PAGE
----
Book of Mormon Notes– How deep can you dig?

2009, June 3

“If the LDS/ Mormon Prophets Were Wrong on THAT, Then I Just Can’t Have Faith in ANY of Their Words: Truths Are Not the Same” by grego

If the LDS/ Mormon Prophets Were Wrong on THAT, Then I Just Can’t Have Faith in ANY of Their Words: Truths Are Not the Same
by grego
(c)d 2009

In somewhat contrary position to my last post…

On http://www.mormoncurtain.com/topic_lamanites.html, I found the following, which has some great insight into a typical argument many people use with regards to modern prophets and the LDS Church:

-=-=-=
“Church defenders, I believe, do not quite grasp that simply suggesting that none of this was “official church doctrine”, itself a difficult claim to sustain, doesn’t really do anything other than raise other more devastating questions, like:

If church leaders could get stuff THIS BASIC wrong – like, who is their founding scripture about, and who are their blood descendants, etc.? – what ELSE could they have gotten wrong? Why should we credit them at all, if as you say, they all missed something that basic, and which was so easily revealed to Matthew Roper and John Sorenson? And anyway, why should Mormons disbelieve prophets and apostles, and believe instead a marginalized set of scholars who keep saying the prophets and apostles are wrong are incorrect on the most basic religious claim imaginable?

Defenders sometimes imply that arguments should be accepted because those making them possess superior authority; but they have far less “authority” in the minds of most members than do GA’s; and certainly, there are far more prominent “authorities” in all of their fields, who probably to a man would dismiss most Mormon apologetic arguments as not much more than rubbish. So, arguments to authority just don’t work for FARMS guys: because the authorities ABOVE them, whether ecclesiastical or secular, nearly all have disagreed with them!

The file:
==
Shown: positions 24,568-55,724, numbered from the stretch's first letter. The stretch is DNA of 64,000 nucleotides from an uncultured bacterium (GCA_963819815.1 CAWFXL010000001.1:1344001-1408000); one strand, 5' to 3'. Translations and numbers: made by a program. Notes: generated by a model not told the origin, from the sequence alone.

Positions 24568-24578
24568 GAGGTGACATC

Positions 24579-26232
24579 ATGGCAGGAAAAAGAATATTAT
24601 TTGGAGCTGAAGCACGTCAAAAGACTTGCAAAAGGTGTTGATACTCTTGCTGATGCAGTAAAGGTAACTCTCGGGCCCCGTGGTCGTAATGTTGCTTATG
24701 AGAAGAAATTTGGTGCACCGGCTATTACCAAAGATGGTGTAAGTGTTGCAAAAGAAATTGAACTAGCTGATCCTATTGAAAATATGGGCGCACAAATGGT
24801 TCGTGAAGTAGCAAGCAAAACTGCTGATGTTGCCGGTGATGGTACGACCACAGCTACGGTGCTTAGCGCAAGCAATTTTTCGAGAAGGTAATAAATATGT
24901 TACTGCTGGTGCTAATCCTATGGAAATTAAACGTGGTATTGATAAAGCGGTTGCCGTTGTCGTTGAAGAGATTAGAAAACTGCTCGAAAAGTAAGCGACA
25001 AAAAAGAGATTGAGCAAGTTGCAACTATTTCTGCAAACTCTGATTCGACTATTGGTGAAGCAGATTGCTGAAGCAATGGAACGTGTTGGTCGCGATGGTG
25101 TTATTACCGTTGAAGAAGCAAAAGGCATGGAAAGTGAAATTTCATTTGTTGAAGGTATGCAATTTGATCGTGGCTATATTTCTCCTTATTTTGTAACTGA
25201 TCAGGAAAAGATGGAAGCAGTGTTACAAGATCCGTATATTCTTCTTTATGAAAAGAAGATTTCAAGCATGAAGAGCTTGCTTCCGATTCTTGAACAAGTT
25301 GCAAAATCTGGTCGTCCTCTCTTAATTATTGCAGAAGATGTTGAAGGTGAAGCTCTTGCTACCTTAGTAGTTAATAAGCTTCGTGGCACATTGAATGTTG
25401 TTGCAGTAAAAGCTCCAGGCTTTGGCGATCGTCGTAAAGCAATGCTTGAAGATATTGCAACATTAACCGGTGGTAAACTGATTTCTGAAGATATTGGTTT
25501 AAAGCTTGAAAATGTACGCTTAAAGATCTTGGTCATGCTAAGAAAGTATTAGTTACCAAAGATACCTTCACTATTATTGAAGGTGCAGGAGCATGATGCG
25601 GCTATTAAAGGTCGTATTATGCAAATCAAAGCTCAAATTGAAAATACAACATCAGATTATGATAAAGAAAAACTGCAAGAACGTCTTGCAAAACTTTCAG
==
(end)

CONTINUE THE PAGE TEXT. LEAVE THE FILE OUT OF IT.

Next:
But all this raises another question: since defenders are in contradiction with many leaders past and present, why are those apostles funding and promoting those scholars’ work? And how can that NOT raise questions about whether the church is really being run by an omniscient mind, who presumably values internal coherence? How can “‘A’ equal ‘Not A'”, even for God? If, as Alma says, God could not violate free agency without ceasing to be God, and as Joseph and Brigham said (and D&C), is bound by laws, and is more of a supreme engineer or architect rather than a magician, I don’t see any warrant anywhere for presuming that even God could make two plus two equal five, or that he could make one thing, and its oppposite, identical, just by divine decree. Once again, this approach seems to not amount to much of an argument for the church at all.